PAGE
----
Sindh Festival 2014: 'Culture' is not a spectacle to be sold, neither can it disguise past failure
These sites deteriorated because a former president with multiple Swiss bank accounts never funded them.
The Sindh Festival 2014 is not a beacon of hope; it is a reminder of just how far behind we are lagging. Perhaps it is because of my deep Sindhi roots, my familial history and my life experiences but I don’t think that the Sindh Festival 2014 is anything worth celebrating.
I have lived in Hyderabad for 14 years followed by five years in Karachi and the distinction between the two cities is clear – Hyderabad is more Sindhi centric culturally while Karachi is more of a melting pot. Neither one is better than the other but they are both different.
In Hyderabad, spectacles similar to what Baby Bhutto showcased at the opening ceremony of the festival are widespread.
The festival’s opening ceremony was a variety show with the best-behaved aspects of Sindh highlighted and polite omissions of anything that may seem radical or even ‘heavy’. The performers happily reduced an ancient civilisation to a handful of singers, women were used as props to showcase clothes they’d never wear otherwise (even if it were to save their lives) and an archaeological site was decorated as the centrepiece so that the present inhabitants remember that we are lucky enough to own such a site.
But why we are lucky, we neither have the time nor the willingness to find out.
Of course, these sites never reached this level of extravagance in reality. But then again a former president with multiple Swiss bank accounts never funded them.
The problem, however, is not the reduction of cultural heritage to a spectacle so that it is examined like a rare species of insect. The problem is that we still believe that this qualifies as cultural preservation.
Let us, for a minute, not even think about the fact that almost half the children, under five years of age, are facing malnutrition in Sindh, that the percentage of out-of-school children in Sindh is the highest in Pakistan or that ethnic and religious minorities face constant hate crimes – for surely, none of these need be the provincial government’s priority (sarcasm absolutely intended).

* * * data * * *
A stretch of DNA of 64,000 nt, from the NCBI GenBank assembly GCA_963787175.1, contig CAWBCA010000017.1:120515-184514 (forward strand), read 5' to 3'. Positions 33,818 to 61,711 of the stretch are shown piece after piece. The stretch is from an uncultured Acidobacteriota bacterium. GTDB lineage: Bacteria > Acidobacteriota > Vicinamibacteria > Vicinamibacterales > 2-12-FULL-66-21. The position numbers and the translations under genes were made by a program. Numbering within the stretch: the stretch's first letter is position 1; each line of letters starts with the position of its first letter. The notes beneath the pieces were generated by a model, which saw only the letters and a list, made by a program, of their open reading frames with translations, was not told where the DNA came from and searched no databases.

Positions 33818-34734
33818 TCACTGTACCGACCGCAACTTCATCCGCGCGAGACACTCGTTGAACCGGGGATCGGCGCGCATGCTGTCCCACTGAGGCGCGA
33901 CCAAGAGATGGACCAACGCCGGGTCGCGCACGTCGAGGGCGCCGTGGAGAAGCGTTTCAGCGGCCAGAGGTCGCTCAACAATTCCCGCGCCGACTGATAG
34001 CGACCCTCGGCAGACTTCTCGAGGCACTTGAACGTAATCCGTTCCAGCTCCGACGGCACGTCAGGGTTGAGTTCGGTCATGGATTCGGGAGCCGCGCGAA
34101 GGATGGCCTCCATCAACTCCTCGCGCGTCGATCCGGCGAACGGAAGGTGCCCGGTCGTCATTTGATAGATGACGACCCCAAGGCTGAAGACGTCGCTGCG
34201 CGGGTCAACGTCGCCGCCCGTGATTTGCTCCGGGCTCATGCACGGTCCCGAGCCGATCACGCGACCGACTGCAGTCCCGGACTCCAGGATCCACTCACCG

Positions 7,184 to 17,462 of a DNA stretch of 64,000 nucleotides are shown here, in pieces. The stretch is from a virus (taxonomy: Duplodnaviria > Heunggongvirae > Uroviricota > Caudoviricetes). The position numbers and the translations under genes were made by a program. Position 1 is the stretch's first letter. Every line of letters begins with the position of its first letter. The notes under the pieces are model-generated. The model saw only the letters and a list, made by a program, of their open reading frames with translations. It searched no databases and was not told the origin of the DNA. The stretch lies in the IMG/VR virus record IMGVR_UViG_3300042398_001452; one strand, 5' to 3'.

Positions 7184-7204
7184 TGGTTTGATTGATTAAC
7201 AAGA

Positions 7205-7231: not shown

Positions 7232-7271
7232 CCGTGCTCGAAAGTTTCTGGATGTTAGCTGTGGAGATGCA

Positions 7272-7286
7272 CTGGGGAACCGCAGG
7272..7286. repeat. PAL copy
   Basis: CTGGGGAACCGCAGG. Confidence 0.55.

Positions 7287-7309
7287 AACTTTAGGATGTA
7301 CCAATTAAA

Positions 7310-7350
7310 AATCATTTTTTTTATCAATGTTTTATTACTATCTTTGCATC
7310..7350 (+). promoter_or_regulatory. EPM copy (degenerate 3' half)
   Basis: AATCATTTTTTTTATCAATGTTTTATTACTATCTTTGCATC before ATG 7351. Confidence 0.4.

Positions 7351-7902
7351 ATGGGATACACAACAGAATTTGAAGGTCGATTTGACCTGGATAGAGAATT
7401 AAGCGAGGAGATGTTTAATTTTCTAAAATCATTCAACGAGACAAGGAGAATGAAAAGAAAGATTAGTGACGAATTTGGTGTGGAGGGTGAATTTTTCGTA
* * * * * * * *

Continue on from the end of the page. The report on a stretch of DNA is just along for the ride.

Let us instead, focus solely on the culture apparently being represented.
During the opening ceremony, like the well-bred little politician he is, Bilawal Bhutto declared,
“Marsoon, marsoon, Sindh na dain soon…”
(We will die, we will die but we will not give up Sindh…)
Perhaps, no one in the audience knew the original orator of these immortal words.
A young Sindhi general named Hosh Muhammd Sheedi uttered these last words before Charles Napier’s fleet was about to take over Sindh and he went down in history as the Indian subcontinent’s first Afro-Caribbean hero.
But why should that be remembered?
For surely, as the Sheedi community of Afro Caribbean descent is marginalised into the ghettos of Lyari where gang violence parades like the harbinger of death, bringing up a national hero belonging to the same marginalised group isn’t the wisest thing to do.
It is too ‘heavy’ for the ‘happy time’ the young patron-in-chief wishes to have with his international friends.
Next, an exhausted Ali Gul Pir announced,
“I am a Sufi… everyone coming together and having fun is what the Sufis were all about…”
A montage of clichéd folk melodies intertwined with contemporary musicians is exactly what the Sufi saints of Sindh would have wanted.
Why mention here that the Sufis of Sindh have been linked to radical change?
Why mention that Sachal Sarmast was a fierce critic of religious extremism?
Why mention that Shah Abdul Latif Bhitai was a fierce critic of the submissive mentality? That his poetry opposed the Persian rule?
Why mention that their poetry called for total equality in a religiously unequal and ethnically divided society?
Why mention that the Sufis were also revolutionaries, resisting the political agendas of the time? Why mention that, had they been alive today, the political monarchy of the Bhutto family would be atop their list of what to resist?
For this festival was about happy escapism and anything that encouraged resisting authority required too much courage of conviction to be deemed happy.
And then there was the charming display of the archetypical women. Be it the costume clad mannequins that represented the village woman or Bakhtawar Bhutto’s charming promotional video or the songstress whom we will forever know via her first name – all feminine and polite, well behaved and politically correct – all were presented in a modern fashion at the festival.
However, these perfect women formed a stark contrast with their ancient sisters.
In his poetry for the infamous queen Leelan, Shah Abdul Latif Bhitai painted the image of a very flawed woman – who literally traded a loving companion for all that glittered. But the famous poet did not condemn Leelan’s lack of political correctness; rather he drew on her experiences to encourage self-reflection and to identify the gravest mistakes that all human beings make – trying to be perfect. Sindh’s Leelan was never perfect but she had the moral courage to accept her wrongdoings as an attempt to learn and do better.
But including these elements would not have worked for this particular festival.
For if all the missing layers were added to the tower of confused performances that was the opening ceremony, we would have on our hands something that a stage show could never have captured.
The reality of this culture is that it is too complex and needs to be studied in context. It has to be understood in socio-political shades of grey – it has to be understood.
It is not an hour long performance; it is a story that spans centuries with lessons sewn into its most hidden corners.
It is something worth incorporating into your everyday life, not a spectacle to be sold in an attempt to disguise failure.